Mike Rowbottom ©ITG

TrueSport - the athlete support programme run by the United States Anti-Doping Agency (USADA) - lived up to its name this week as it staged an extended discussion on Mental Wellness & The Young Athlete. Rarely can so much truth have been spoken by elite athletes.

Noah Lyles, the world 200 metres champion and Tokyo 2020 bronze medallist, Sochi 2014 ice skating bronze medallist Gracie Gold and Deja Young-Craddock, double sprint gold medallist at the Rio 2016 Paralympics and bronze medallist at Tokyo 2020 illuminated the dark underside to sporting success as they recounted their own convoluted experiences.

Before the talking began, I spoke to Lyles - virtually - about his own recent journey in this deeply troubling landscape.

Lyles has been a rocketing sprint talent in recent years, winning three Diamond League titles over 200 metres before he was 23 and moving to fourth on the all-time list with a 2019 clocking of 19.50 seconds shortly before winning the world title.

But when the Dark Ages arrived for sport and society in the form of the COVID-19 pandemic the exuberant and multi-talented Lyles seemed more affected by it than some of his fellow athletes.

In 2020 Lyles spoke publicly about his mental health. "Recently, I decided to get on antidepressant medication," he tweeted. "That was one of the best decisions I have made in a while. Since then I have been able to think without the dark undertone in mind of nothing matters. Thank you God for mental health."

The reaction of American college cross country coach Peter Early to this news was representative of many others: "I doubt anyone would have thought 'Noah Lyles seems depressed'," he tweeted. "Which shows how these things can literally impact anyone. Do not be afraid to ask for help people."

At this year’s Tokyo 2020 Olympics, in an empty stadium, Lyles ran well - but not as well as he could. He took bronze in the 200m, clocking 19.74 behind fellow American Kenny Bednarek, who ran a personal best of 19.68, and Andre De Grasse, who took gold in a Canadian record of 19.62.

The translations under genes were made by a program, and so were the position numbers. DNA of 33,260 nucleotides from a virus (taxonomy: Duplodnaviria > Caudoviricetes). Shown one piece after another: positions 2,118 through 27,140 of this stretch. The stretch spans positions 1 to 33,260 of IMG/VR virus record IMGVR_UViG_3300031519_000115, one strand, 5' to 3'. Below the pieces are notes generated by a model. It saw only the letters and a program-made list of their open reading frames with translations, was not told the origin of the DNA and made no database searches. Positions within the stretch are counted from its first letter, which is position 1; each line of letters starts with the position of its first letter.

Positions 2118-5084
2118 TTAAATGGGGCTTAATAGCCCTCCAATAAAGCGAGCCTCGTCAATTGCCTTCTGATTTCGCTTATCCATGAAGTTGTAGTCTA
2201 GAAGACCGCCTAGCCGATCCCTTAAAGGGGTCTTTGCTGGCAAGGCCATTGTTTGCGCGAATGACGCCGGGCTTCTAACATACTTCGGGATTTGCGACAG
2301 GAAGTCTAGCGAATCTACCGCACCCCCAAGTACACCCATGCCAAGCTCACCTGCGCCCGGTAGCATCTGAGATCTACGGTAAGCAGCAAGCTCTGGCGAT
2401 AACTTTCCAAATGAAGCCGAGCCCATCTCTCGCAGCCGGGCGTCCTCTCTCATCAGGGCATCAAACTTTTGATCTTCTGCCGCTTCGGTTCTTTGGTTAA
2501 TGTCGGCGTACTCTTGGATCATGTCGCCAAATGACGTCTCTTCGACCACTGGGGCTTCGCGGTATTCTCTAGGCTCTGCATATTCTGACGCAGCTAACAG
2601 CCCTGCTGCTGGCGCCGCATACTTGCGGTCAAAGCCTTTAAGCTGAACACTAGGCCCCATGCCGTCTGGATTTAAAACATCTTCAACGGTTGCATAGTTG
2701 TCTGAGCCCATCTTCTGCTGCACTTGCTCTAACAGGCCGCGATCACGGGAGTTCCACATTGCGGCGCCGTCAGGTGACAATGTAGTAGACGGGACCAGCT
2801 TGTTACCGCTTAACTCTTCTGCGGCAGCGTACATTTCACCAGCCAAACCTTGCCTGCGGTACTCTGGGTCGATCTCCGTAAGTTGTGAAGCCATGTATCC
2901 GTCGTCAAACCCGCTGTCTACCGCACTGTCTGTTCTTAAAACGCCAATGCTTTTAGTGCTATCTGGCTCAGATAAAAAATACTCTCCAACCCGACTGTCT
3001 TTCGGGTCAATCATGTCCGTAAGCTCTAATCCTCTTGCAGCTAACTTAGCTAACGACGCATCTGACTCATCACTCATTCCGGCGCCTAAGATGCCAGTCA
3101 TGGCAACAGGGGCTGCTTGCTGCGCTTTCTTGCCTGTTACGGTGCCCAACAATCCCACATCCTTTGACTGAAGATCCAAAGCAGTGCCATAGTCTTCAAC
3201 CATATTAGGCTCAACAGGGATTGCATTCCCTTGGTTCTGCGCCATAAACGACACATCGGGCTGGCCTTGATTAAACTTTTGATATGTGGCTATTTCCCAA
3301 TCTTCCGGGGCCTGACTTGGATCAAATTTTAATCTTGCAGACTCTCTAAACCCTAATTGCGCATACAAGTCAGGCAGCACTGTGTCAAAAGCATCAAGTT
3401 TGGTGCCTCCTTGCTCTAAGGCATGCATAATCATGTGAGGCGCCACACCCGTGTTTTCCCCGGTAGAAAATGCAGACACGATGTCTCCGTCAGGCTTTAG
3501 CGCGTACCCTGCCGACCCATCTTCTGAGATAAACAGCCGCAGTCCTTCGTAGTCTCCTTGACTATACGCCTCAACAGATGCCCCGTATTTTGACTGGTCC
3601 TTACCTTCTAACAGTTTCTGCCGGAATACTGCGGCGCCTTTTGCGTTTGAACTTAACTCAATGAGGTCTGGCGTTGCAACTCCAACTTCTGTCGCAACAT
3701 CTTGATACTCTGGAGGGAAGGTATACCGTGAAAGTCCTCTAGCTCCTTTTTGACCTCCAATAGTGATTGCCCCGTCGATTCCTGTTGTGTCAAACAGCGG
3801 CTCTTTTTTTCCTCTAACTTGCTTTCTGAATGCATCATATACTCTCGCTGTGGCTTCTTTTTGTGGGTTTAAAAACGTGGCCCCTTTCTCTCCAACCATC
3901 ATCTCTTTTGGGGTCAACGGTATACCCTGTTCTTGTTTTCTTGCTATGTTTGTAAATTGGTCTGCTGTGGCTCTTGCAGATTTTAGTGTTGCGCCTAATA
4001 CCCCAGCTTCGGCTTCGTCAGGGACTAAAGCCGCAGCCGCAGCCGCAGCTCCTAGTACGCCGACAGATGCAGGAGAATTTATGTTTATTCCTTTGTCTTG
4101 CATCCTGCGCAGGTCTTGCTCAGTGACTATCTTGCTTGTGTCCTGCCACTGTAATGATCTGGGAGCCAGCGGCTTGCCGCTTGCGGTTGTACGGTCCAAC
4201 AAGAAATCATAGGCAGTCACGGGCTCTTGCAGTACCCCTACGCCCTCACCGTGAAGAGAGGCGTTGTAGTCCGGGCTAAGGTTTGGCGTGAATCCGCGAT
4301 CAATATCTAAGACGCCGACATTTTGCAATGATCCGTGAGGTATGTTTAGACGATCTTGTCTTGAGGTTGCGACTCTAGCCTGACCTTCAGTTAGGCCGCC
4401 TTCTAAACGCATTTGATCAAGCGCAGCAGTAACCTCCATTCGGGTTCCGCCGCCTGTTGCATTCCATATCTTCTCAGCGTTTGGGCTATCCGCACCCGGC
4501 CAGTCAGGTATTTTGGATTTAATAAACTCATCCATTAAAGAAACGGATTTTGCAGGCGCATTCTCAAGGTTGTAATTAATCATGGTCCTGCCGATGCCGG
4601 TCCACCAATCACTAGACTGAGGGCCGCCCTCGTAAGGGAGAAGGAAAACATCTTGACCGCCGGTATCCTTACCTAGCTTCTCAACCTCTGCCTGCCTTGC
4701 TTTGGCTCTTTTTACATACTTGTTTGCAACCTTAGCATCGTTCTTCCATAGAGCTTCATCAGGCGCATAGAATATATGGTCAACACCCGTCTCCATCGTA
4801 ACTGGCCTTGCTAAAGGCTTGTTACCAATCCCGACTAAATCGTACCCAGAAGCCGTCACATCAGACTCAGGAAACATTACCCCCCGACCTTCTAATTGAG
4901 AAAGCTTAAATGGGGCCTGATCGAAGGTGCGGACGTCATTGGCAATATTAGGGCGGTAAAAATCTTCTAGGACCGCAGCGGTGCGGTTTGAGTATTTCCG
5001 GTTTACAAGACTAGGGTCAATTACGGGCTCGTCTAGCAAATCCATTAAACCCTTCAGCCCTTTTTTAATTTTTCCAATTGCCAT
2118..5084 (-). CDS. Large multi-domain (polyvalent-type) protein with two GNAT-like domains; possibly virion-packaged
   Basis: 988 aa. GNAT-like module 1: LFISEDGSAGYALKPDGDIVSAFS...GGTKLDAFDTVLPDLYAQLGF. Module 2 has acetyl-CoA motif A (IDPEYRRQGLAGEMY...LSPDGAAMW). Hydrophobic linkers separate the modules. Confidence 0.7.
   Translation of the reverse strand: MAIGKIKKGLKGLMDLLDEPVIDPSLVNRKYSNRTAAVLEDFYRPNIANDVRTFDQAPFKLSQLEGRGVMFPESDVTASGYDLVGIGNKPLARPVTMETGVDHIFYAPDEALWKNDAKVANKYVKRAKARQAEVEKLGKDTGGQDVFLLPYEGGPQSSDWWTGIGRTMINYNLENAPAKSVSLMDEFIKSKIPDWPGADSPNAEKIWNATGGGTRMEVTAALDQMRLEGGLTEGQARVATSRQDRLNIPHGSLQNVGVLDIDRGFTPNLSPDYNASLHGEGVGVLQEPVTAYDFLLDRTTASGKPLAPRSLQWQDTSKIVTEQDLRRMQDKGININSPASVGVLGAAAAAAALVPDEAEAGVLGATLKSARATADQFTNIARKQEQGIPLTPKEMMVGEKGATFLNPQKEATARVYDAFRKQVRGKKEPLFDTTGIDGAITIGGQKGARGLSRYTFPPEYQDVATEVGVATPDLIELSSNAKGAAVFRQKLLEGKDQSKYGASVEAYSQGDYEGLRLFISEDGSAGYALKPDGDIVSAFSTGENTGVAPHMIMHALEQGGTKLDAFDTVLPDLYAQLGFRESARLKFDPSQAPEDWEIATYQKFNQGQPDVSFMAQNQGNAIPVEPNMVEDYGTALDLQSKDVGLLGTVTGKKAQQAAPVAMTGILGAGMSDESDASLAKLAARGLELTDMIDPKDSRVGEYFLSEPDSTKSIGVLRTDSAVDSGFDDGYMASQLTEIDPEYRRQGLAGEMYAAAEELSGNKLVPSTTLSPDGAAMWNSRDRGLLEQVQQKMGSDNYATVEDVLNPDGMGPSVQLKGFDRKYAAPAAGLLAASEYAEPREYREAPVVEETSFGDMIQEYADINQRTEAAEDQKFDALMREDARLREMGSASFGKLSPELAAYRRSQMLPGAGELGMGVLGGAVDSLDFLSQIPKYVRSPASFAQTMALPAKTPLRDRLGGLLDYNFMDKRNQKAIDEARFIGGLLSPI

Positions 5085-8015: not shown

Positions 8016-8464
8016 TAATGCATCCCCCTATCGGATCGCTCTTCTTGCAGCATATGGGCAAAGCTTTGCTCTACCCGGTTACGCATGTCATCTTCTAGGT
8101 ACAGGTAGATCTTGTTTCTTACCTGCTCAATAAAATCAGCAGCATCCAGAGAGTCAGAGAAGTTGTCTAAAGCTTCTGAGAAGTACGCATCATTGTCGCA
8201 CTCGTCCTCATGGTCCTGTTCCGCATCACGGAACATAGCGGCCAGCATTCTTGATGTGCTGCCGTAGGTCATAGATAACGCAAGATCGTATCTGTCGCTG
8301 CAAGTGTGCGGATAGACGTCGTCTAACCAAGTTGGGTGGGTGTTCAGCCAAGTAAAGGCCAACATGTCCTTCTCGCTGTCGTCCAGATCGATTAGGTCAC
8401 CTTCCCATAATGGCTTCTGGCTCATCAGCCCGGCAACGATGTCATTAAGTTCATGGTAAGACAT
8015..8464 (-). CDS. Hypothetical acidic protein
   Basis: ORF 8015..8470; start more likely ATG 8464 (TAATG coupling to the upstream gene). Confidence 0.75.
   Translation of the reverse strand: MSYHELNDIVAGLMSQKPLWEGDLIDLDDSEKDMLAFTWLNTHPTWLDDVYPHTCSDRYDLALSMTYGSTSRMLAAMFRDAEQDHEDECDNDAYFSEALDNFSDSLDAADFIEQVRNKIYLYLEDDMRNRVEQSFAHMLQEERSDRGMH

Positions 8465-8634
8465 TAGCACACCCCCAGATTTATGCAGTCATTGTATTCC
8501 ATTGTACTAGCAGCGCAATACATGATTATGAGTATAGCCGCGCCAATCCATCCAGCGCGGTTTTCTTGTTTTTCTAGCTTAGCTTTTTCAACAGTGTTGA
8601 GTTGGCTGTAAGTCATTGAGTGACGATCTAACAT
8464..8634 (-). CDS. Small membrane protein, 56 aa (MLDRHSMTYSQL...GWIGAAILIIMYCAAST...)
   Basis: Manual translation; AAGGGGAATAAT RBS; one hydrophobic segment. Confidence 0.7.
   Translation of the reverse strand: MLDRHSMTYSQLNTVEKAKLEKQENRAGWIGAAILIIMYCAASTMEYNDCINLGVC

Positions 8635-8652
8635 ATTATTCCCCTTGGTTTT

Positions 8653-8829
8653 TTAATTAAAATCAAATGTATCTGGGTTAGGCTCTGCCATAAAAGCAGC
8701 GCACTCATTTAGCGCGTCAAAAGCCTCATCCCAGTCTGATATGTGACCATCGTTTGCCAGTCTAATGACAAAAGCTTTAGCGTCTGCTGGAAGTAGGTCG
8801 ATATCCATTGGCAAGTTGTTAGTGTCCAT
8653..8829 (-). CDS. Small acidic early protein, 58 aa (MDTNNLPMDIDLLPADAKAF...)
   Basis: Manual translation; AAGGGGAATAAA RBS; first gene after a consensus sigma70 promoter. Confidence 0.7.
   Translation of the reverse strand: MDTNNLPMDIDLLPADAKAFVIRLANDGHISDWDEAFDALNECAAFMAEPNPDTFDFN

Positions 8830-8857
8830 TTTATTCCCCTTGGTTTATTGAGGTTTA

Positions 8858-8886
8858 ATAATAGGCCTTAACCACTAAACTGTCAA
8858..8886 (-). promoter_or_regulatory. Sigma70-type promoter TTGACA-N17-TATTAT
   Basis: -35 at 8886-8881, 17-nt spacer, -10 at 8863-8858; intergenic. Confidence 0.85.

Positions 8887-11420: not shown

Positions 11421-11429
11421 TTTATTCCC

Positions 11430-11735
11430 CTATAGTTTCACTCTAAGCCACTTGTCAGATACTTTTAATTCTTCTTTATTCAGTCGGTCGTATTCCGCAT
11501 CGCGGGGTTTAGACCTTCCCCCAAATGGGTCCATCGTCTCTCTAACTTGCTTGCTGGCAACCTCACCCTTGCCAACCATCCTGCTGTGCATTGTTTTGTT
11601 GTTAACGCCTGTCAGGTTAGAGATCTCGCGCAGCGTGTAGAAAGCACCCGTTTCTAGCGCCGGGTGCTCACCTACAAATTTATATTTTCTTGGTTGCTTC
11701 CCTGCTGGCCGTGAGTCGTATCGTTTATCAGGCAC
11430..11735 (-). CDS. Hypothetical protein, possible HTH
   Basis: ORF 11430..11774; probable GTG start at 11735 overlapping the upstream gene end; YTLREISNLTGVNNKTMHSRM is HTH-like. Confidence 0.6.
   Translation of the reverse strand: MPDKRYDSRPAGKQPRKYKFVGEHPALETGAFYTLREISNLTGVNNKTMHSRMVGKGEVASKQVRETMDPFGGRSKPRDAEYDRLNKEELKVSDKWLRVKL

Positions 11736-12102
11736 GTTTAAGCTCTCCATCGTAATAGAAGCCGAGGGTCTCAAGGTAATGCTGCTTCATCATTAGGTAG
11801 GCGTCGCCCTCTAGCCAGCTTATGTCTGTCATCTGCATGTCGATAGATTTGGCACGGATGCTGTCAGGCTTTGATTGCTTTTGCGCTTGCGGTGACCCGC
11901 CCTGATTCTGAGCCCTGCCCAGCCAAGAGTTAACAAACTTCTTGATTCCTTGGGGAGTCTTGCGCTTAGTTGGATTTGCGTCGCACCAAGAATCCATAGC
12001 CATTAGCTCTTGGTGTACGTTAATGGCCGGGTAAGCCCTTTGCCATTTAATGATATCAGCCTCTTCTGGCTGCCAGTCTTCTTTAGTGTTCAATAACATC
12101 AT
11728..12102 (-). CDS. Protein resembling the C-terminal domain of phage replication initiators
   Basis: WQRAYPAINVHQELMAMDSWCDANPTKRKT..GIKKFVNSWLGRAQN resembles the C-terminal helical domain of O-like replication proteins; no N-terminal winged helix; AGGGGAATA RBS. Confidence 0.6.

Shortly afterwards, at a Eugene Diamond League meeting at which spectators were allowed, Lyles ran 19.52, with his younger brother Josephus coming second in 20.03 ahead of Bednarek.

"Every time I lose I come back stronger 19.52!!!!!!" Lyles tweeted, telling reporters later: "I wasn't really feeling that my mindset was right for today but I feel like five sessions of therapy I was able to let go of what happened in Tokyo and convince myself that I know I'm upset and I know I'm in great shape to run and come out here and be able to put it on the track."

And then he took in the topic to which he had referred in his brief tweet: "I don't think you understand how lifeless it was in Tokyo to have no crowd there. It was dead silent. To come here and see a whole lot of people who love track, it was just amazing to see."

Asked to reflect on his announcement last year, Lyles told insidethegames: "It was pretty straightforward. It wasn’t really an issue of what people think about me.

"It was more a situation where I felt that the anti-depressants worked really well, and I knew that a lot of people were now probably struggling with anxiety and depression, and I just wanted to kind of break a stigma that ‘people don’t have to go on medication’ or ‘medication is a bad idea, it’s for people who are crazy…’”

Turning to his experience of Tokyo, he added: "I definitely feel it affects some athletes more than others. In terms of how it affects me, it wasn’t just not having a crowd, it was definitely not having even my team there. I didn’t have my chiropractor there, it was very hard for me to get in touch with my sports therapist because we were on completely different time zones.

"My mom was not there, my brother wasn’t there, my coach wasn’t even in the Olympic Village, I only got to see him when we were practising, so on top of that, going into an arena that’s basically empty, it’s very anti-climactic.

Noah Lyles, second right, takes bronze in the Tokyo 2020 200 metres final in an empty stadium behind winner Andre De Grasse of Canada and fellow American Kenny Bednarek ©Getty Images
Noah Lyles, second right, takes bronze in the Tokyo 2020 200 metres final in an empty stadium behind winner Andre De Grasse of Canada and fellow American Kenny Bednarek ©Getty Images

"I remember coming back from the Olympics and getting ready for the Diamond League meeting in Oregon, and me and my brother were going to be in the 200, and thinking like, ‘oh yeah, this is cool’, and we were warming up and seeing more fans there than there were at the Olympic Trials.